Part of: WILD ENGLAND
From: After London
Felix now began to find out for himself the ancient truth, that
difficulties always confront man. Success only changes them, and
increases their number. Difficulties faced him in every direction; at
home it had seemed impossible for him to do anything. Now that success
seemed to smile on him and he had become a power, instead of everything
being smooth and easy, new difficulties sprang up for solution at every
point. He wished to continue his journey, but he feared that he would
not be permitted to depart. He would have to start away in the night, in
which case he could hardly return to them again, and yet he wished to
return to these, the first friends he had had, and amongst whom he hoped
to found a city.
Another week slipped away, and Felix was meditating his escape, when one
afternoon a deputation of ten spearmen arrived from a distant tribe, who
had nominated him their king, and sent their principal men to convey the
intelligence. Fame is always greatest at a distance, and this tribe in
the mountains of the east had actually chosen him as king, and declared
that they would obey him whether he took up his residence with them or
not. Felix was naturally greatly pleased; how delighted Aurora would be!
but he was in perplexity what to do, for he could not tell whether the
Wolfstead people would be favourably inclined or would resent his
He had not long to consider. There was an assembly of the tribe, and
they, too, chose him by common consent as their king. Secretly they were
annoyed that another tribe had been more forward than themselves, and
were anxious that Felix should not leave them. Felix declined the
honour; in spite of his refusal, he was treated as if he were the most
despotic monarch. Four days afterwards two other tribes joined the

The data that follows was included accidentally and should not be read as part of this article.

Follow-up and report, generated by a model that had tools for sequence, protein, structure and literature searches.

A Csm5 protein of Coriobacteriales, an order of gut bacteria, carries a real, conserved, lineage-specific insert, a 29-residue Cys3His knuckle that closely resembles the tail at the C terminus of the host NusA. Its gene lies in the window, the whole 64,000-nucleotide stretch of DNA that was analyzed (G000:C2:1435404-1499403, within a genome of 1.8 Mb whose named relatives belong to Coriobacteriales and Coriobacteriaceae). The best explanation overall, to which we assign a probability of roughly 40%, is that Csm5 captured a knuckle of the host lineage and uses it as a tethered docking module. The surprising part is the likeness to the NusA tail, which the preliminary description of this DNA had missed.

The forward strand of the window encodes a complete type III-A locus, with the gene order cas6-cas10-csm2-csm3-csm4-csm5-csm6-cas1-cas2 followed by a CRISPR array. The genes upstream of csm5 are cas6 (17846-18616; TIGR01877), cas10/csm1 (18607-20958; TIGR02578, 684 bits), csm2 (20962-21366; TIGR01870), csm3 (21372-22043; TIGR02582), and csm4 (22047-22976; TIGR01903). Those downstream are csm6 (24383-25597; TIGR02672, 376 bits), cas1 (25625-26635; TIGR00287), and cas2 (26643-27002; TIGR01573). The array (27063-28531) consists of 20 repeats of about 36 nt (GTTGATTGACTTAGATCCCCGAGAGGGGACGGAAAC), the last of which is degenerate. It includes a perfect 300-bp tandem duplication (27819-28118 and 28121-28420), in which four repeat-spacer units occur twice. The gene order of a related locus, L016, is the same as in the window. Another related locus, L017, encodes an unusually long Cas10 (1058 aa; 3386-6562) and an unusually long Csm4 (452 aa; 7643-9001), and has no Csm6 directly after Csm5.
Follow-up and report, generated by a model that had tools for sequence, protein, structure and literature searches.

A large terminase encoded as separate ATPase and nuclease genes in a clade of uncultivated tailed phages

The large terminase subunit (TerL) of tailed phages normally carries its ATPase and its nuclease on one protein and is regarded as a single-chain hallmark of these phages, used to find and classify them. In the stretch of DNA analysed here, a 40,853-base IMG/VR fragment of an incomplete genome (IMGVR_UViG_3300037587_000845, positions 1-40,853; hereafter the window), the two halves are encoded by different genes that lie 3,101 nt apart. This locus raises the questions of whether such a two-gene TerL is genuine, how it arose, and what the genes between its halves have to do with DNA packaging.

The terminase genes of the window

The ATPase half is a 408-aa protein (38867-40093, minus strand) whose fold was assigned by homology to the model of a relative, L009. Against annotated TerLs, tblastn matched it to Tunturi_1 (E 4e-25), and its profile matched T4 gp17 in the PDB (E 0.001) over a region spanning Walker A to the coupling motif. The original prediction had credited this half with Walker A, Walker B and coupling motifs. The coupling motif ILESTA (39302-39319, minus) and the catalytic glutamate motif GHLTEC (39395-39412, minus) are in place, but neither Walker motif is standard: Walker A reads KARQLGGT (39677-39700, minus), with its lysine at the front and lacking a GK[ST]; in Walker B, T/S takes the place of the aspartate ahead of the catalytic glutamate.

movement, and sent their acceptance of him as their monarch. Others
followed, and so quickly now that a day never passed without another
tribe sending a deputation.
Felix thought deeply on the matter. He was, of course, flattered, and
ready to accept the dignity, but he was alive to considerations of
policy. He resolved that he would not use the title, nor exercise the
functions of a king as usually understood. He explained his plan to the
chiefs; it was that he should be called simply "Leader", the Leader of
the War; that he should only assume royal authority in time of war; that
the present chiefs should retain their authority, and each govern as
before, in accordance with ancient custom. He proposed to be king only
during war-time. He would, if they liked, write out their laws for them
in a book, and so give their customs cohesion and shape. To this plan
the tribes readily agreed; it retained all the former customs, it left
the chiefs their simple patriarchal authority, and it gave all of them
the advantage of combination in war. As the Leader, Felix was henceforth
In the course of a fortnight, upwards of six thousand men had joined the
Confederacy, and Felix wrote down the names of twenty tribes on a sheet
of parchment which he took from his chest. A hut had long since been
built for him; but he received all the deputations, and held the
assemblies which were necessary, in the circular fort. He was so pressed
to visit the tribes that he could not refuse to go to the nearest, and
thus his journey was again postponed. During this progress from tribal